About invertebrates    

Janet Farr in the field. Image - Parks and Wildlife
Janet Farr in the field - Photo © Parks and Wildlife

The collective term for animals without backbones is 'invertebrates'. Invertebrates include jellyfish, worms, crustaceans, insects, coral, sponges and molluscs. They make up more than 95 per cent of all living animal species and occur in almost every terrestrial, marine and freshwater habitat apart from the extreme polar regions and very high mountain peaks.

Invertebrates vary in size, from the very small (flat worms, nematodes, collembolla and ostracods) to the very large (giant squid). To date, scientists have documented 1.7 million invertebrate species, but they estimate numbers could range between 10-30 million. In comparison there are only 40 000 - 50 000 known vertebrate species. Up to 20,000 new invertebrates are documented every year. Unfortunately, species numbers are declining faster than scientists can record their existence.

Australia has 100 000 documented, and an estimated 200 000 undescribed invertebrate species. This compares with 6000 vertebrate species. Most Australian invertebrates do not occur anywhere else in the world. 

Invertebrates perform vital roles in every ecological system on earth:

  • Invertebrates are an essential component of most food webs.
  • They both consume and are consumed by plants and other animals.
  • Invertebrates recycle organic matter, putting it back into circulation for use by other parts of the ecosystem.
  • Invertebrates assist in the transmission of disease.
  • Invertebrates cross-pollinate flowers.
  • Invertebrates are instrumental in controlling the numbers of other species.


Western Australia’s invertebrates

Invertebrates make up most of the biodiversity of Western Australian species. Of the documented Western Australian invertebrate species, five are extinct and over 80 are rare or at risk of extinction. Western Australia has a high diversity of subterranean invertebrates. These are animals that live underground either in air spaces (troglofauna) or in groundwater (stygofauna). Parks and Wildlife’s Pilbara Region Biological Survey has shown that there are more than 350 species of stygofauna in the Pilbara.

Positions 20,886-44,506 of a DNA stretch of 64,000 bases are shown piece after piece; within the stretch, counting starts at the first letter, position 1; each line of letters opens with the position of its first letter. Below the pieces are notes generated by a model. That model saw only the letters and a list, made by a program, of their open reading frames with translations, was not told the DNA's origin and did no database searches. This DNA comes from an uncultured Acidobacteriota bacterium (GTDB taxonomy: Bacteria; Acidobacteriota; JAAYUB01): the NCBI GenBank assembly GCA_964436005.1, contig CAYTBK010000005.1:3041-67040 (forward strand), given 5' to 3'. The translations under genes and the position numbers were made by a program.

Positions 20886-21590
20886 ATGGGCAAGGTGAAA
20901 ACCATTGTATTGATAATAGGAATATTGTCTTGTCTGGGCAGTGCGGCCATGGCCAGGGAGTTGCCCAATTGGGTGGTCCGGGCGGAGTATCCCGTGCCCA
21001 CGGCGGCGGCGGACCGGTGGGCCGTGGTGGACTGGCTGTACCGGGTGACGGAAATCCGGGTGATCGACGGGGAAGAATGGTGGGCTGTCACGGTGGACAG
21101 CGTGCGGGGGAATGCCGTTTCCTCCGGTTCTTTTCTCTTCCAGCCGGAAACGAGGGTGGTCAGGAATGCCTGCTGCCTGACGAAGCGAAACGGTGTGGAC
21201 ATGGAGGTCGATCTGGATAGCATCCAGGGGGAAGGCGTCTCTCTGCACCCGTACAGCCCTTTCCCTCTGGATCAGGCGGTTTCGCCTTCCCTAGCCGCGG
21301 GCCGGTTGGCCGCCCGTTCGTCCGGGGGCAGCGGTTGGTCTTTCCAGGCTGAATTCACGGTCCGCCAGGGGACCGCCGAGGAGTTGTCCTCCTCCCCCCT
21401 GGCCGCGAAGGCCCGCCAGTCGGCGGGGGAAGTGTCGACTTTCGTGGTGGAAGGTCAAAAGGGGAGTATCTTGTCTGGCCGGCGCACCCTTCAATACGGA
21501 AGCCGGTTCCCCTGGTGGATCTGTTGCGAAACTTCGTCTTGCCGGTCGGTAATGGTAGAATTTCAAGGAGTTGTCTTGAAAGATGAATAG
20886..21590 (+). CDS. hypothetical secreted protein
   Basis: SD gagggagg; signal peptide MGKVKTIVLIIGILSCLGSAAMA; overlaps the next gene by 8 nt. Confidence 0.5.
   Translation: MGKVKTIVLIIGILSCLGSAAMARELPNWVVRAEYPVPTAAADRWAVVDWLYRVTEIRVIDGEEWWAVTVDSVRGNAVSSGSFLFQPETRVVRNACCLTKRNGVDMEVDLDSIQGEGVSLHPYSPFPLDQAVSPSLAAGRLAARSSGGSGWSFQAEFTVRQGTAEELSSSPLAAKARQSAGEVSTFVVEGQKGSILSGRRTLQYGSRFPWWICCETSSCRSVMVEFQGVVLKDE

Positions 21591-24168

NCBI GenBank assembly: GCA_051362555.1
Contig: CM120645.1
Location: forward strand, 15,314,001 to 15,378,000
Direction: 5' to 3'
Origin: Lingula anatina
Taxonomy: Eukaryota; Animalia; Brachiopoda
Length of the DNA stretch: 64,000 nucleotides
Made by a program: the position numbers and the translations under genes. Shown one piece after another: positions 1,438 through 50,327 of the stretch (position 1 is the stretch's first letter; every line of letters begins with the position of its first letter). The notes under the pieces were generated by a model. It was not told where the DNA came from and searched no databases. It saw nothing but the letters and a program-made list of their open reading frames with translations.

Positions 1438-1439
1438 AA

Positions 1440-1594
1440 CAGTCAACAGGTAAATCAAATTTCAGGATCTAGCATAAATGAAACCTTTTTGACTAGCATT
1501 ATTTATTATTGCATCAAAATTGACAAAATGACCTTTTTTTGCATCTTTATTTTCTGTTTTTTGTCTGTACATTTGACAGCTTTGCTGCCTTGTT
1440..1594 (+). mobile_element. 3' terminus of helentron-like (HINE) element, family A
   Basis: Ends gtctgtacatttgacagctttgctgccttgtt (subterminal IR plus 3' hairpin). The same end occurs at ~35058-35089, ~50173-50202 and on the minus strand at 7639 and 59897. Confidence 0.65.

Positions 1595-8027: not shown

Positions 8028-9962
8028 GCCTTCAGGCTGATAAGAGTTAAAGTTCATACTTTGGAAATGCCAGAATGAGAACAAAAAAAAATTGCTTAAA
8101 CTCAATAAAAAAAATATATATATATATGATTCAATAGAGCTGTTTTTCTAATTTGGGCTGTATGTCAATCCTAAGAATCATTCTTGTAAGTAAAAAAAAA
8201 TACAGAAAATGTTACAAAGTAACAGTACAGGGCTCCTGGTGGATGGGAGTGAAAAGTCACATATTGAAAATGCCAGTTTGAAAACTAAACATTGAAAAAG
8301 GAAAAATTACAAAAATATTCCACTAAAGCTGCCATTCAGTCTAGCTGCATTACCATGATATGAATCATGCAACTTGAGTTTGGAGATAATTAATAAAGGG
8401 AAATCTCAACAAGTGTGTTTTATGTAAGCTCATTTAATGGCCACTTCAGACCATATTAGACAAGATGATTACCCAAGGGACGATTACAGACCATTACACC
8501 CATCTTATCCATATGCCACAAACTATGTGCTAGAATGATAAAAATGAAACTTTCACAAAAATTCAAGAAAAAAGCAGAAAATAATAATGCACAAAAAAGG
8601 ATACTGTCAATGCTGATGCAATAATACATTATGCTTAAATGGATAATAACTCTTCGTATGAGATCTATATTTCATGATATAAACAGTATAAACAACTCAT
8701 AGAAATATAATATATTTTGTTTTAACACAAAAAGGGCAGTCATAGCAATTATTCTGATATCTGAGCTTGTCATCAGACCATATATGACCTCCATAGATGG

The major threats to invertebrates in Western Australia are habitat destruction, salinity, Phytophthora dieback, introduced invasive invertebrates, and lack of scientific knowledge.

Parks and Wildlife invertebrate research

Research on invertebrates aims to increase our knowledge about insect habitats and ecology. Much of the focus is on the impact of human activities and fire on the biodiversity of invertebrates. Other research includes monitoring the impact of destructive native pests on our jarrah forests. These pests include the jarrah leafminer (Pertida glyphopa) and the Gumleaf skeletonizer (Uraba lugens). Invertebrate research is a component of many of our larger biodiversity monitoring projects. These include FORESTCHECK (Invertebrate component) and the Pilbara Region Biological Survey.

View the department’s Science Information Sheets for more projects.

Related resources

Landscope Articles

Staff publications

BugBase is a database of the Department's Forest Insect Reference Collection, composed mainly of specimens of beetles, butterflies and moths.

Common Butterflies of the South-West 
This Parks and Wildlife bush book describes some of the butterflies found in the south-west of Western Australia.

Bugs in the Backyard
This Parks and Wildlife bush book describes some of the invertebrates found in gardens, homes and other buildings in Western Australia.

Threatened Animals of Western Australia  
This important book by eminent naturalist and scientist Andrew Burbidge, documents the current state of research into, and management of threatened animals in Western Australia; looks at the factors that led to their decline; and presents a vision of what needs to be done to conserve WA's amazing biodiversity.

Walpole Wilderness Invertebrate Fire Research Project
Following the March 2001 wildfire in the Nuyts Wilderness, a large group of local volunteers from the Walpole Community and Walpole Nornalup National Parks Association have been trapping and inventorying the litter arthropod species of these forest sites, as well as long unburnt sites nearby. This website records their findings.

Western Australian Museum 
Information on the WA museums, entomology research and collection

WA Department of Agriculture and Food 
Information about insect pests in Western Australia

Australian Museum Factsheets 
Fact sheet about Australian insects

CSIRO Entomology

Western Australian Insect Study Society


 For further information on Parks and Wildlife invertebrate research, contact Dr Janet Farr